Just look at his and Kaplan’s own children! Minna and her husband Maxim, a successful St. Petersburg lawyer, might still remember a bit of the Hebrew they had been taught when young and go occasionally to synagogue for appearance’s sake, but they lived entirely in Russian and in its culture. What hope was there that their child, little Iakob, whom Gordon was extremely fond of, would have even that much Jewishness? What hope was there that his children would have any at all?
The Haskalah had failed to understand that its success would necessarily be its downfall. “We thought,” Gordon wrote in Hamelits in March 1882,
that we could heal our fractured people with the balm of the Haskalah and its educational reforms. For a generation—one single generation—our people ate of the tree of knowledge and digested its fruit. . . . Alas, our celebration was short-lived.
The Haskalah, he went on, had been a miscalculated marriage. Although the generation of its fathers had thought it was taking European culture as a second wife alongside its Jewish one, the generation of its sons regarded that culture as their sole mother. Hebrew was about to lose its territory.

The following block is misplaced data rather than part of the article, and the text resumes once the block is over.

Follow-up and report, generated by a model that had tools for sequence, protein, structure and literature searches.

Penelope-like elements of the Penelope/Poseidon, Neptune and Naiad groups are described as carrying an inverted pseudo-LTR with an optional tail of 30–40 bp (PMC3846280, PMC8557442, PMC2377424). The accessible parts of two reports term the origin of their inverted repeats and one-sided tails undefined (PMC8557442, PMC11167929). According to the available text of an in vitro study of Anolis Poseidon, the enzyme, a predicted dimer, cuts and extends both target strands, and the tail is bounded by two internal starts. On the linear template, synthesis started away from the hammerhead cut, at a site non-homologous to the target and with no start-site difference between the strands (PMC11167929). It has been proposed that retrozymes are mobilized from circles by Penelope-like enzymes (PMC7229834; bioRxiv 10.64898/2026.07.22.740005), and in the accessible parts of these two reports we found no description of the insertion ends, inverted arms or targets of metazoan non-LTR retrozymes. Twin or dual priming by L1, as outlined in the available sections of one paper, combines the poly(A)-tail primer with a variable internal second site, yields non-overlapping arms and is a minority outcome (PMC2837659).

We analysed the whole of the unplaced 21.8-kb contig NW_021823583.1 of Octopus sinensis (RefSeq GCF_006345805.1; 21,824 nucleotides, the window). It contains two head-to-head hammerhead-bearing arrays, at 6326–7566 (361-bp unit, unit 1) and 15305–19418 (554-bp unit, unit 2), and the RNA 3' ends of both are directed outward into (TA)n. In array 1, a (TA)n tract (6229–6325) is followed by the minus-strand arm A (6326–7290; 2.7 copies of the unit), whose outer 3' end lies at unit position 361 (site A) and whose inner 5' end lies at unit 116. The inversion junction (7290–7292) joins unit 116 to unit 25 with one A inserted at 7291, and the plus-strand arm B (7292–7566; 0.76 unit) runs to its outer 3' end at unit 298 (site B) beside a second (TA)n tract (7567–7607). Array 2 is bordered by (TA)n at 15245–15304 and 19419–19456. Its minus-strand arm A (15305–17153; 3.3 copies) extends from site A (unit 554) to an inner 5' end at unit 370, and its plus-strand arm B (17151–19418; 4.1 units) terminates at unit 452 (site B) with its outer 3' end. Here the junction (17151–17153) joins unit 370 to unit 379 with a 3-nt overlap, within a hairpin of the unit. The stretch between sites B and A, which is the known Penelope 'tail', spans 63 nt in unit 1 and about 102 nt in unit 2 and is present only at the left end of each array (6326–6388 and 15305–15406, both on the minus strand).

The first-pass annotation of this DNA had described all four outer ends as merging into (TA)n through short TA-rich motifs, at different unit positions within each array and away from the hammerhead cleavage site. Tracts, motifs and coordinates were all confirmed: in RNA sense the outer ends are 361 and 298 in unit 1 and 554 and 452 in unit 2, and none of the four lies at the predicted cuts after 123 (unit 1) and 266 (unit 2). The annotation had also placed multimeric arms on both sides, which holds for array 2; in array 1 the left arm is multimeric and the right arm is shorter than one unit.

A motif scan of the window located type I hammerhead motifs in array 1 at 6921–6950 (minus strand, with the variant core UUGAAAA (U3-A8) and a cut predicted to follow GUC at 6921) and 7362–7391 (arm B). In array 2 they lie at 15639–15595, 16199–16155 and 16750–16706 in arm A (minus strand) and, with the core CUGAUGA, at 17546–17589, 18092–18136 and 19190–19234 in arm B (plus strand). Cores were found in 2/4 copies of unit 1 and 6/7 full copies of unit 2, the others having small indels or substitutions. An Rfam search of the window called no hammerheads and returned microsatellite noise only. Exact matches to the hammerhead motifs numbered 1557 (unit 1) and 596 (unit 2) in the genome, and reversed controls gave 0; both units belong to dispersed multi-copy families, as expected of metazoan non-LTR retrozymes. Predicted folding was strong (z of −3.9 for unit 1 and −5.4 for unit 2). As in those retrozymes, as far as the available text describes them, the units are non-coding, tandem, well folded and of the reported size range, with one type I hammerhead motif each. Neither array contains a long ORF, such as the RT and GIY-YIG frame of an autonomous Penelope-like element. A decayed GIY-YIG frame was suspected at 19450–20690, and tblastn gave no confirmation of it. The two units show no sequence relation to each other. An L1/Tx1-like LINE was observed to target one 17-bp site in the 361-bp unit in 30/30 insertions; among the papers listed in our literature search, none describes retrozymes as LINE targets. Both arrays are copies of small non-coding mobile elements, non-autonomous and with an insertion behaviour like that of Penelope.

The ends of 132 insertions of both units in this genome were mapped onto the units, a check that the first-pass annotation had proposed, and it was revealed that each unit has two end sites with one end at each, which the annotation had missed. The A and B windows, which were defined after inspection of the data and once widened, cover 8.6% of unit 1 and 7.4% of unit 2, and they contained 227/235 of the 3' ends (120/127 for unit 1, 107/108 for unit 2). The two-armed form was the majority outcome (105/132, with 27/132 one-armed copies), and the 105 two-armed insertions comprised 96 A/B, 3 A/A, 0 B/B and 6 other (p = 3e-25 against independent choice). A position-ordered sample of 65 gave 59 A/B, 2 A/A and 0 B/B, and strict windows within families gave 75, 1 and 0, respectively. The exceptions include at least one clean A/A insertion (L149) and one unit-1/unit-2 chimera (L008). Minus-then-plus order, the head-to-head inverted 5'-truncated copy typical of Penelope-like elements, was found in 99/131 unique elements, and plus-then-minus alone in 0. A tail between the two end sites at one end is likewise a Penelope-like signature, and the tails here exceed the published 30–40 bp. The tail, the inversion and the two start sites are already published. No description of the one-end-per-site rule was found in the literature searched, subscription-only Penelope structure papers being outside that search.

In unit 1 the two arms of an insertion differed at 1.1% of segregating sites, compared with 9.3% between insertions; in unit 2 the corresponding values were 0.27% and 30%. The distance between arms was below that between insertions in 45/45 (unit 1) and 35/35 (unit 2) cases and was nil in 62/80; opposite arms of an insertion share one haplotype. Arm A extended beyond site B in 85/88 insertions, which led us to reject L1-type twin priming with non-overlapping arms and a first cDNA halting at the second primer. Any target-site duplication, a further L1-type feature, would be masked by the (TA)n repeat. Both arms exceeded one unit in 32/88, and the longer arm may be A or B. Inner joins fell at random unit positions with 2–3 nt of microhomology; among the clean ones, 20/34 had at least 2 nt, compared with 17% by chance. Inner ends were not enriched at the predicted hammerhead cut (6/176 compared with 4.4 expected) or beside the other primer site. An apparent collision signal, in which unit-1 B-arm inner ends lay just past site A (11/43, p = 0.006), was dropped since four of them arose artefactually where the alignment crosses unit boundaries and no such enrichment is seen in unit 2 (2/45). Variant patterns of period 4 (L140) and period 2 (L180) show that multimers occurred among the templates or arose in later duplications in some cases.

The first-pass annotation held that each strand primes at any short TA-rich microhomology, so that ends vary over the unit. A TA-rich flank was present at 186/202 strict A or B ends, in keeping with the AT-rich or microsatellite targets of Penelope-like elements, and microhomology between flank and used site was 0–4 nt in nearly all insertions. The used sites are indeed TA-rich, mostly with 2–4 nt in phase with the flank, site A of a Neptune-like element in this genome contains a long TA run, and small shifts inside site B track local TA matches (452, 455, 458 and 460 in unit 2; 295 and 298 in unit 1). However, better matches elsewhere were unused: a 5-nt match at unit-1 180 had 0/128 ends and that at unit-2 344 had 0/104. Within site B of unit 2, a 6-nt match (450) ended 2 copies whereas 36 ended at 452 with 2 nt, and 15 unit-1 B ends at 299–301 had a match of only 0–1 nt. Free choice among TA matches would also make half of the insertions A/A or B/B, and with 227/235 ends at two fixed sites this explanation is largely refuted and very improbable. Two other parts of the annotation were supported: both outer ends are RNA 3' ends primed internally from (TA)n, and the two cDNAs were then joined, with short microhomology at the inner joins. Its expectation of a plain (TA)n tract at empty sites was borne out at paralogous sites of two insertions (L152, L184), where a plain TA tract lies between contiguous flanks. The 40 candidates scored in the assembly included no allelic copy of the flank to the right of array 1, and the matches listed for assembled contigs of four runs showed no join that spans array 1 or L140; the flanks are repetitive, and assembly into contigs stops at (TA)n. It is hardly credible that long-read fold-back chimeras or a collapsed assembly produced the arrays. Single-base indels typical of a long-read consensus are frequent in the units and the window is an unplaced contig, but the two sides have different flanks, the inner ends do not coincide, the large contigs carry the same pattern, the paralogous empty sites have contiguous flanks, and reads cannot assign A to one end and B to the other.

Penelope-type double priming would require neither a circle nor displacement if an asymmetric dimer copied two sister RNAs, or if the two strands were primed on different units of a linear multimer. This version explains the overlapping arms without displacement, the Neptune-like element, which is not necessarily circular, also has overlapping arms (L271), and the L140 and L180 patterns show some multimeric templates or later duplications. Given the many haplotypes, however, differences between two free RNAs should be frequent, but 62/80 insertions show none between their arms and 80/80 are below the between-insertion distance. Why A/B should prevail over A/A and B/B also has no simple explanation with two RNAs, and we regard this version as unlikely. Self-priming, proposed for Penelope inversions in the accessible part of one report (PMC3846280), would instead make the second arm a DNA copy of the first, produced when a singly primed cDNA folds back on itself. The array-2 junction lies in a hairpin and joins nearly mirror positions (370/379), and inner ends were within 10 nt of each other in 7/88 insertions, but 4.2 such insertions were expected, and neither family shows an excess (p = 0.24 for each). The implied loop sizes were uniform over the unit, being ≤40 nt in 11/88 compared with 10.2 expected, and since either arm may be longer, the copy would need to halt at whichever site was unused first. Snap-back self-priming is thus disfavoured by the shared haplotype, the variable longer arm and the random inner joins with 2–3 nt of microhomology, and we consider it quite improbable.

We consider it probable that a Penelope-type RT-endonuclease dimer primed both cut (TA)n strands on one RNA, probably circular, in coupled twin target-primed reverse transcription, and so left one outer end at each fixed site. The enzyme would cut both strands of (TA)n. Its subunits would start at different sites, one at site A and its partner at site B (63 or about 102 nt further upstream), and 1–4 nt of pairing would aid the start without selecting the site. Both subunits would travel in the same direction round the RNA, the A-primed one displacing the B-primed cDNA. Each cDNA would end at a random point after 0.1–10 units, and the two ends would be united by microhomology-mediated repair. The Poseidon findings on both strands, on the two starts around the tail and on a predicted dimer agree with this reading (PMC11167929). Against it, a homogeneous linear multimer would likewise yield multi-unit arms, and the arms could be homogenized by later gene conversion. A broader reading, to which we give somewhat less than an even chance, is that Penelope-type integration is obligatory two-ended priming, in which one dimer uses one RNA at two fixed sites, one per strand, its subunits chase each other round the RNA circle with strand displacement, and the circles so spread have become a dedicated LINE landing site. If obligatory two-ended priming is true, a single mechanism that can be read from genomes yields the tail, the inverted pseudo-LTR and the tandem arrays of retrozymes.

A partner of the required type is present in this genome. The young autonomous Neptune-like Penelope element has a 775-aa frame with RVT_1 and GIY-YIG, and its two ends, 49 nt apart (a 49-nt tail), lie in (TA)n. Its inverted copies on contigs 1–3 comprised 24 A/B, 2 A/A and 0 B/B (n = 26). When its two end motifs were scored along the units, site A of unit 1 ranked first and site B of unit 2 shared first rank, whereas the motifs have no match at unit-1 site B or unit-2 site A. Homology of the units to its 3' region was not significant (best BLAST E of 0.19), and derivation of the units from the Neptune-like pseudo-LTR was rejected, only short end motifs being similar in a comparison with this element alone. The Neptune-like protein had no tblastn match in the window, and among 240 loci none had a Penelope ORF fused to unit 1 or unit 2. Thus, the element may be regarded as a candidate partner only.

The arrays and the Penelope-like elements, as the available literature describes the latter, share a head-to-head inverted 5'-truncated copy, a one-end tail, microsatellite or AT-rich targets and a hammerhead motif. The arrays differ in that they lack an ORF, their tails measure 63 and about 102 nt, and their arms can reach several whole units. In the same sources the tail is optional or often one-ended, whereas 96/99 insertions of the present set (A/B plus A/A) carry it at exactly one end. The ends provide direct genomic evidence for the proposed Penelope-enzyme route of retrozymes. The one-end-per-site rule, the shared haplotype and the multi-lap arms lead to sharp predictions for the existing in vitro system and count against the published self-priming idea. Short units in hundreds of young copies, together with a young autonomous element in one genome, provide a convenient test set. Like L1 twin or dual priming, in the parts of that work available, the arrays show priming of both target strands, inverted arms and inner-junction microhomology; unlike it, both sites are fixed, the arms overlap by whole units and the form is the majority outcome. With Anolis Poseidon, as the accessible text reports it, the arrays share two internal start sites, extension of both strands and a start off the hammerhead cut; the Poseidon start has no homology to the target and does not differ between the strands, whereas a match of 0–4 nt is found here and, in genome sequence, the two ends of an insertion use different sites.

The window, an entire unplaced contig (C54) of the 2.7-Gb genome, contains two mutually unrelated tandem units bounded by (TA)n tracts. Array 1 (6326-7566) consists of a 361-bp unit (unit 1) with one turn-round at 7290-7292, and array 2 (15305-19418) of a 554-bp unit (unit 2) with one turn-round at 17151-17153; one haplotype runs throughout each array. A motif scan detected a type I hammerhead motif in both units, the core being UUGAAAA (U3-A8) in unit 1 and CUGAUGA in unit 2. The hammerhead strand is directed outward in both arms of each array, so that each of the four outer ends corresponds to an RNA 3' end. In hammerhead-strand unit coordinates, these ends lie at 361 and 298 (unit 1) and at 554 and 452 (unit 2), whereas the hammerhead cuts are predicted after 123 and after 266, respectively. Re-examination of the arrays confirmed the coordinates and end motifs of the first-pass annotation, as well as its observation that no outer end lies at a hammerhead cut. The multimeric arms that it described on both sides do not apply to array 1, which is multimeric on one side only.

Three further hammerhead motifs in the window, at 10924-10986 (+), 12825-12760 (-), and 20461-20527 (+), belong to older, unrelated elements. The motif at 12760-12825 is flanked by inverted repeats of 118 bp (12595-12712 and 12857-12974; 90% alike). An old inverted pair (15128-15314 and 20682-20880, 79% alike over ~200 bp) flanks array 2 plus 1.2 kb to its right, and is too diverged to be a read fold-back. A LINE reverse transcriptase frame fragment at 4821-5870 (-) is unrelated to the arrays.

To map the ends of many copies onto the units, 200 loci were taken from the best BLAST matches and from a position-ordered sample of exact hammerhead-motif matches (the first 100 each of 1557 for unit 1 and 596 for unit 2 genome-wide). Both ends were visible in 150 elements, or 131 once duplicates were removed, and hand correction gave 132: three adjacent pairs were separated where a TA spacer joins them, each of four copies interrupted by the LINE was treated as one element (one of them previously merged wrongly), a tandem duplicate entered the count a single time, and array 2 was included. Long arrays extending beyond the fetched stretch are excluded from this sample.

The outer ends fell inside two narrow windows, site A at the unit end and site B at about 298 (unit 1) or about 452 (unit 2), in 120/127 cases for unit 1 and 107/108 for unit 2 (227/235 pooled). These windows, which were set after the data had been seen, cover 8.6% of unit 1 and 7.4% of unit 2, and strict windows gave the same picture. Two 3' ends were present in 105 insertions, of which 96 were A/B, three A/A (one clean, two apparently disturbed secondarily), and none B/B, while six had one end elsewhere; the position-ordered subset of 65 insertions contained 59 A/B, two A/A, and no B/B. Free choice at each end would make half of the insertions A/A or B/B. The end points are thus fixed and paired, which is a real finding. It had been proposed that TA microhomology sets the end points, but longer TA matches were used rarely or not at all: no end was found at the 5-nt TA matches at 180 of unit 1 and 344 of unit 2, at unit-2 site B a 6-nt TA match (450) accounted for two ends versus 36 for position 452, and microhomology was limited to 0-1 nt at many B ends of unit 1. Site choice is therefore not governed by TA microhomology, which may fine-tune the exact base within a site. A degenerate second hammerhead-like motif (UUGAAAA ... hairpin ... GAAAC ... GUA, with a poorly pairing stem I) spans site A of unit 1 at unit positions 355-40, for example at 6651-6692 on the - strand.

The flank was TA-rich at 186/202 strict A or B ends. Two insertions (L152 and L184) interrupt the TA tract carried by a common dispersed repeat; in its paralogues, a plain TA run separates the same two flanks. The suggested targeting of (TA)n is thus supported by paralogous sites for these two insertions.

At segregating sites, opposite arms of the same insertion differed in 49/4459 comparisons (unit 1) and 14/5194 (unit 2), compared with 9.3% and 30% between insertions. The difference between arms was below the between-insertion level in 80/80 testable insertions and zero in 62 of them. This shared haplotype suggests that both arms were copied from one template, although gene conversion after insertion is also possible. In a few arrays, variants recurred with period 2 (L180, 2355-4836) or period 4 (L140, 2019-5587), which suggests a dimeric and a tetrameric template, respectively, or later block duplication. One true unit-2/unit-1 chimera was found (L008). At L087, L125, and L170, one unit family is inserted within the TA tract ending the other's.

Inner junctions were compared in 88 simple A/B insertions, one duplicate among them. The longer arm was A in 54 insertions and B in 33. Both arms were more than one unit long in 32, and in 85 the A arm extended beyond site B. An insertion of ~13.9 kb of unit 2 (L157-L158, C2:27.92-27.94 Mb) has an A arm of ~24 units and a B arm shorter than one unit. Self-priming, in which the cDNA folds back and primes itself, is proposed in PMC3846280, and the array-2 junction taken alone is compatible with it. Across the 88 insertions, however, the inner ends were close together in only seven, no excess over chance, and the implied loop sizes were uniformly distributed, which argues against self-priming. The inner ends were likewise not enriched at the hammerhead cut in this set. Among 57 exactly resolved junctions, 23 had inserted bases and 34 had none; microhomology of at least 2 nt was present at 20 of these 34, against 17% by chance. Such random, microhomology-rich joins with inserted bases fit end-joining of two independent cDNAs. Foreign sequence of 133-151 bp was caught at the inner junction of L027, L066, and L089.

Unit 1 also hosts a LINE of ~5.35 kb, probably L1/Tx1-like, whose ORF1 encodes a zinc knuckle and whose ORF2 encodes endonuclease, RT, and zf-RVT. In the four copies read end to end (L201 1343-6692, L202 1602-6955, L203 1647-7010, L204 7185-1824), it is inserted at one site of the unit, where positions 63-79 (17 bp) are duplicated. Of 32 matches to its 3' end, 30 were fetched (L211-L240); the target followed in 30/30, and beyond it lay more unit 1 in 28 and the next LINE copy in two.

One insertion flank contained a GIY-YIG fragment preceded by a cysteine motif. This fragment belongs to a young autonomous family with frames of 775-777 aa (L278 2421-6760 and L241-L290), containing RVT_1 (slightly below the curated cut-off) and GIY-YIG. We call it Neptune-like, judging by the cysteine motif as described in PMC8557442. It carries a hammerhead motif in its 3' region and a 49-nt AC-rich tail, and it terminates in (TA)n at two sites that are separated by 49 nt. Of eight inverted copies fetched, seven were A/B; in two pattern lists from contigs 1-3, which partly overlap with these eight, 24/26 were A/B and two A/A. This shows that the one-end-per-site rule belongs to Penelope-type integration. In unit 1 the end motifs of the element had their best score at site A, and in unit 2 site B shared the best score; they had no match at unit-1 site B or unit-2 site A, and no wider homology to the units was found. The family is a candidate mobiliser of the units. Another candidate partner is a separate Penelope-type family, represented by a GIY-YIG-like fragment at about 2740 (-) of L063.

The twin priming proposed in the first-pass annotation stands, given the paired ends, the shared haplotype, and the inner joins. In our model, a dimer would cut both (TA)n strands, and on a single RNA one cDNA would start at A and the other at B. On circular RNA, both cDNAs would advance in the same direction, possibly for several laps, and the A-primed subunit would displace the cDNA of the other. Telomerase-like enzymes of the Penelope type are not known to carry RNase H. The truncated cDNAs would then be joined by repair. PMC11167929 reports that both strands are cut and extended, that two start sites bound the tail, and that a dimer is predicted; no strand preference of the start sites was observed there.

VI. The Need for a Nation Reasserts Itself
Hebrew-writing intellectuals like Smolenskin and Lilienblum had been warning all along that the Haskalah was a self-destructing enterprise that could be salvaged only by a nationalism that supplied the sense of Jewish identity undermined by Europeanization, and Gordon had essentially come to agree with them. By the early 1880s, Smolenskin and Lilienblum were ardent Zionists. Why—to return to this essay’s opening question—did Gordon, instead of becoming one, too, write “My Sister Ruhamah”? And why, especially, did he do so when the dream of reviving Hebrew as a spoken language in Palestine, first put forth by Eliezer Ben-Yehudah and now endorsed by other Zionists who had been initially skeptical of it, seemed the only way to save the language from sinking into ultimate disuse?
It was a question he asked of himself, and he had two answers to it. In 1887, he summed these up pithily in a letter to Lilienblum, with whom he had recently been reconciled after years of estrangement. The rift between them had had two causes. One was Lilienblum’s anger at Gordon’s failure to be supportive of Zionism in his poetry and Hamelits editorials. The other was Gordon’s resentment of a long review Lilienblum had written of the four volumes of his poetry when they appeared in 1884, in which Lilienblum argued that a writer who took so dim a view of Judaism could hardly be called a national poet. Now that they had agreed to put all that behind them, Gordon wrote: